It is not simply the inertia of welfare-state social spending programs that keeps this fiscal irresponsibility from being recognized and redressed. As a value-free social-science inquiry, Regulation for Revenue doesn't get into these issues very deeply. But the authors can't help but recognize some of the profound temptations that this new environment presents. For goo-goo ("good government") types, impact fees have the obvious attraction of being even more thoroughly hidden than their first cousin, the value-added tax. "They do not show up on anyone's tax bill," Altshuler and Gómez-Ibáñez write, "and while they are likely to drive up developer prices they remain imperceptible even to purchasers as a distinct cost item." Together with the enhanced regulatory regime to which impact fees are ineluctably linked, this new way of governing development has led to huge new opportunities at the local government level for socialist-minded reformers and has contributed to the bureaucratization of local government across the country.
Local planning decisions used to be fairly straightforward matters, handled by small city planning departments and overseen by part-time city councils. Now most growing cities--even small ones--have large planning departments and de-facto full-time city councils (even if still nominally part-time) dominated by the activist-type politician described in Alan Ehrenhalt's The United States of Ambition. Local anti-growth sentiment provides the political base for ambitious goo-goos to build what are essentially local ministries of economic planning.
The new "regulation for revenue" is starting to go well beyond simply paying for growth-related public works such as roads and sewers. The latest wave in this game is to impose "linkage" fees for "social infrastructure needs" such as child care, mass transit, and affordable housing. In this perverse version of "market failure," new commercial development is said to create an unfilled "need" for transit, housing, child care, and so forth. San Francisco, for example, imposes a mass transit fee of up to $5.00 a square foot on commercial development to help pay the massive tab for BART (Bay Area Rapid Transit) and other red-ink transit projects. Other cities have successfully imposed fees for child care and affordable housing. Such fees have withstood court challenge, under an extremely elastic understanding of the "nexus" principle outlined in the famous Nollan case.
The "nexus" principle holds that there must be a reasonable and direct relation between a development and the service the government provides for that development. A new home will result in the need for a road and a sewer line, for example. But arguing that a new office building results in a need for publicly supplied mass transit or child care is like saying that a new restaurant should have to pay an impact fee to buy land for farmers to grow the food. It goes without saying that the lack of affordable housing in most jurisdictions that want to impose affordable housing fees is the result not of "market failure" but of local government regulations preventing the marketplace from providing lower-priced housing. (A sequel to the Nollan case, Dolan v. City of Tigard, was recently heard by the U.S. Supreme Court. But even if the Court finds in favor of the property owner in this case, it is unlikely to trim the "nexus" principle very much.)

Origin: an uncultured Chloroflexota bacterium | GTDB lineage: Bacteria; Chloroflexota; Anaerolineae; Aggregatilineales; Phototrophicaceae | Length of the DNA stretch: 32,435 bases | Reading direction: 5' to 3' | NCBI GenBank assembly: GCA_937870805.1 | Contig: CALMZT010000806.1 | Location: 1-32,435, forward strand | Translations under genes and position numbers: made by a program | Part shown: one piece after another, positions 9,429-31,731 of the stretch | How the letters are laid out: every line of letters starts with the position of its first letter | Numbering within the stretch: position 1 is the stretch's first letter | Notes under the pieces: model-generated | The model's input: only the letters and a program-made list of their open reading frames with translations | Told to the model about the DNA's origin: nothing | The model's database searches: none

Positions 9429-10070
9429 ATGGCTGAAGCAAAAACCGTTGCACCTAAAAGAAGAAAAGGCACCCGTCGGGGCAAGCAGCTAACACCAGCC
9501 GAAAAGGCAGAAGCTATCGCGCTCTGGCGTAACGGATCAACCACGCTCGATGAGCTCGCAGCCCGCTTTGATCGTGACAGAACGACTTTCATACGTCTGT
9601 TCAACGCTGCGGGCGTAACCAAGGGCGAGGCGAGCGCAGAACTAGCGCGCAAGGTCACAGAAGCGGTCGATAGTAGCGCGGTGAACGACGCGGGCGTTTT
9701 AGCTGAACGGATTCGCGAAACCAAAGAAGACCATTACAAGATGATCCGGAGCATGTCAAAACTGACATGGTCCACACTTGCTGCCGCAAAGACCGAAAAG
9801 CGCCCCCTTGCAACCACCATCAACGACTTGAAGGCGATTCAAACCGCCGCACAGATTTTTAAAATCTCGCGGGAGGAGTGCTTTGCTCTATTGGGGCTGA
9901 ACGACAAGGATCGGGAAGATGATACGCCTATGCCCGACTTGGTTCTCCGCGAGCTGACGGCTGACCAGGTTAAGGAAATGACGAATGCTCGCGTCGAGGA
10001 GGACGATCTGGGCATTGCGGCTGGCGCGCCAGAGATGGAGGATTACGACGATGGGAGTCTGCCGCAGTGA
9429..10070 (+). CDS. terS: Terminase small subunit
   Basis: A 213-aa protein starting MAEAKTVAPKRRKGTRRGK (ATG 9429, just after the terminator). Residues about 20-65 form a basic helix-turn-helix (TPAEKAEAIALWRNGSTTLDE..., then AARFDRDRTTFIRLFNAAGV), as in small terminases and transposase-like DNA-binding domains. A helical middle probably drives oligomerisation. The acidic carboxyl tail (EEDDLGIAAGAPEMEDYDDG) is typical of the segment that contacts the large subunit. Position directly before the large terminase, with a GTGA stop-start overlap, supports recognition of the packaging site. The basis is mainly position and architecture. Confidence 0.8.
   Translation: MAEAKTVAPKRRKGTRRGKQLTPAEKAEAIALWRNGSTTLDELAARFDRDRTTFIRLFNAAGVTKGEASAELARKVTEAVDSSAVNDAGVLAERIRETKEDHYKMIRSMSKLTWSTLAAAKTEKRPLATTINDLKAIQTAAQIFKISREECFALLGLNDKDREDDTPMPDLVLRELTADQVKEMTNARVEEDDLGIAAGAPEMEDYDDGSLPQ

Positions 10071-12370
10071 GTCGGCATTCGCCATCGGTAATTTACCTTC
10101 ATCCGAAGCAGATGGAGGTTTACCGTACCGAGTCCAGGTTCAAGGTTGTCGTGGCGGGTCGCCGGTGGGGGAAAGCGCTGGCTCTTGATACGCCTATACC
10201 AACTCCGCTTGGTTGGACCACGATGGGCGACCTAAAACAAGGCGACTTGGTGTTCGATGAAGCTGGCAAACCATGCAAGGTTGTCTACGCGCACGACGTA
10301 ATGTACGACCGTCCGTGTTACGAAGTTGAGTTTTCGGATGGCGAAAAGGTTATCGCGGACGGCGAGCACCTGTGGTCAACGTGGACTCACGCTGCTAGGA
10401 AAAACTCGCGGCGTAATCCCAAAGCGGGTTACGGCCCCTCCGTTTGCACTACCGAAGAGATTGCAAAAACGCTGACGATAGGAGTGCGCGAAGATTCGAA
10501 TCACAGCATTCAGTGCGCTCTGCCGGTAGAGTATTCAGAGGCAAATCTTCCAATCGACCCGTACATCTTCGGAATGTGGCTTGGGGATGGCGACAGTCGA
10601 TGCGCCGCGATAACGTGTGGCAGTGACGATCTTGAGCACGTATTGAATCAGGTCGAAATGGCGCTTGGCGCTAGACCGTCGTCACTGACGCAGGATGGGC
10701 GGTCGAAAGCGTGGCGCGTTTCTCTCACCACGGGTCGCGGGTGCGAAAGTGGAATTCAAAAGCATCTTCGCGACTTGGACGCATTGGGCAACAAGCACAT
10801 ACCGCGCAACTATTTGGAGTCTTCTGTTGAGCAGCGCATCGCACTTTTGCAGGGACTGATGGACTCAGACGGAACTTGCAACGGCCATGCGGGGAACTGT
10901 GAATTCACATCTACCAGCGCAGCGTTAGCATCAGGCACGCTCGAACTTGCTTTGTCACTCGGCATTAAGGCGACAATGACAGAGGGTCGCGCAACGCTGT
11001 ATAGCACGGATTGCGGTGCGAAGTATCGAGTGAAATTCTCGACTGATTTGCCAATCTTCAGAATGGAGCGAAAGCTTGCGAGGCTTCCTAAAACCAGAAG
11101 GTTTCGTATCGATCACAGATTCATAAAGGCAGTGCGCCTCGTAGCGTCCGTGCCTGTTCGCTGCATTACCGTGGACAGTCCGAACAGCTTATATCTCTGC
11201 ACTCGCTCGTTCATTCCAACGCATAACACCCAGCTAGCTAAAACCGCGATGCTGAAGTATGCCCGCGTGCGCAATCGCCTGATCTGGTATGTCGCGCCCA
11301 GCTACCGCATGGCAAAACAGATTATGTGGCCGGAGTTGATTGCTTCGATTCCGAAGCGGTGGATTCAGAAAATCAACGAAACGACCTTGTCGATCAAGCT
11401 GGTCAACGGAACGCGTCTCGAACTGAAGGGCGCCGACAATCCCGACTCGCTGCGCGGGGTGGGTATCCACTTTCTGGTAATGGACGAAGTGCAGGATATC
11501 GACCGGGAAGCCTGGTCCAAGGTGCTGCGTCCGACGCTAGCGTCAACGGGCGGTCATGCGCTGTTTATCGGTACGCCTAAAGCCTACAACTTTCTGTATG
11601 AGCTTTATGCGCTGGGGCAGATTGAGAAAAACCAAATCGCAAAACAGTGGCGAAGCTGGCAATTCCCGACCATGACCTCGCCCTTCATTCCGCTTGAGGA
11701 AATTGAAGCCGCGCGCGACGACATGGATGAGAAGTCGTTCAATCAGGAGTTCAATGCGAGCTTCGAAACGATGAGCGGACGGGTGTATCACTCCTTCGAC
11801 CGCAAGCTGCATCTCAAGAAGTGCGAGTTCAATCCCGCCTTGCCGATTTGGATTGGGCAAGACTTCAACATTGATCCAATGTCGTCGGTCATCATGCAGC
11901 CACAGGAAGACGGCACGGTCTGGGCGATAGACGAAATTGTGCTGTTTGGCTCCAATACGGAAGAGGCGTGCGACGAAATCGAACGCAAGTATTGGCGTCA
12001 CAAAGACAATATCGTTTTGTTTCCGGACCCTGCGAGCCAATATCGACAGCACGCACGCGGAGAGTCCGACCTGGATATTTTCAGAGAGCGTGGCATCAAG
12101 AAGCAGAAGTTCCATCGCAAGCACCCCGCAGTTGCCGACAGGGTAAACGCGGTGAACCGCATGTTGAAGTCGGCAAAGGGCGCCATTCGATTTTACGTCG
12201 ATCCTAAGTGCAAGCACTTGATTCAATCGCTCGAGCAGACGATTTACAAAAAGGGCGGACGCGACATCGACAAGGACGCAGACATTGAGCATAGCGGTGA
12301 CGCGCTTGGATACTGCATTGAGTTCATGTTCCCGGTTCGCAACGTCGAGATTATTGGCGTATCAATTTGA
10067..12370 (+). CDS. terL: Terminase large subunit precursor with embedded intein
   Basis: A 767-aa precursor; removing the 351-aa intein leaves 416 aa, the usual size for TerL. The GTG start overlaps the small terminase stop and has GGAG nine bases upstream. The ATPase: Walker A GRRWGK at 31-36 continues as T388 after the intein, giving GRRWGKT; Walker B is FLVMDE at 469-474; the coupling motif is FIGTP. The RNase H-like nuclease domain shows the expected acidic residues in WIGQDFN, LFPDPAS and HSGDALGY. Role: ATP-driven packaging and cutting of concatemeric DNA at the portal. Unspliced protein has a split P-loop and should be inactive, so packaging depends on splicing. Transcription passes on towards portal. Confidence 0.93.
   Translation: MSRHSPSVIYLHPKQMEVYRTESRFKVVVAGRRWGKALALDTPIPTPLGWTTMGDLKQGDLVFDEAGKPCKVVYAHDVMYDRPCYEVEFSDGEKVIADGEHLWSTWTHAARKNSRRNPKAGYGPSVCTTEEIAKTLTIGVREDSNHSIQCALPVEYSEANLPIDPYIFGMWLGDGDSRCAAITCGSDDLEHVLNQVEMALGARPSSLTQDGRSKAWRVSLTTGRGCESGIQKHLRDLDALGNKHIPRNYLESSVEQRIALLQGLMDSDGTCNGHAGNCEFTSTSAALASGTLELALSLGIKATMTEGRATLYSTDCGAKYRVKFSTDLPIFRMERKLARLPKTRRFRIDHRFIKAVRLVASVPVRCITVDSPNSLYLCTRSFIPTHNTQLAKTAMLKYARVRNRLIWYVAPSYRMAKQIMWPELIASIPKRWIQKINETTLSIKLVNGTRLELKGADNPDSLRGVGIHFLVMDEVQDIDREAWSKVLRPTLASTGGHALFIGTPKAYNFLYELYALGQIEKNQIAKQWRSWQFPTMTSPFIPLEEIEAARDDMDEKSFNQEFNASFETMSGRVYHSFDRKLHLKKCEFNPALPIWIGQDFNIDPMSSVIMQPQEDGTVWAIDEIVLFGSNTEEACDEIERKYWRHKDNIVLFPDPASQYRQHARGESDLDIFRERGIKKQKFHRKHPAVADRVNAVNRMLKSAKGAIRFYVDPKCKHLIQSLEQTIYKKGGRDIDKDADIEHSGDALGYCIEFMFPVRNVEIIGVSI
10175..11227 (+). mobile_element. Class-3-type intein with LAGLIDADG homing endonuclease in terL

This de facto economic planning and resource allocation is the most ominous aspect of regulation for revenue, and there has been very little serious study and commentary on the issue. If local governments continue to get away with this kind of "social need" fee, the trend could point the way for states and even the federal government to get in on the act, especially in an era of tight budgets. Can a "crime impact fee" for prisons be far away in the age of "three strikes and you're out"? After all, a house attracts burglars, and shopping malls attract thieves.
The "collapse of socialism" and the supposed triumph of free markets have become cliché in recent discourse. The regulation-for-revenue trend is yet another piece of evidence that these rumors are premature, that both illiteracy about market economics and the urge for socialism persist in many mutant forms.
Contributing Editor Steven Hayward is research and editorial director for the Pacific Research Institute in San Francisco.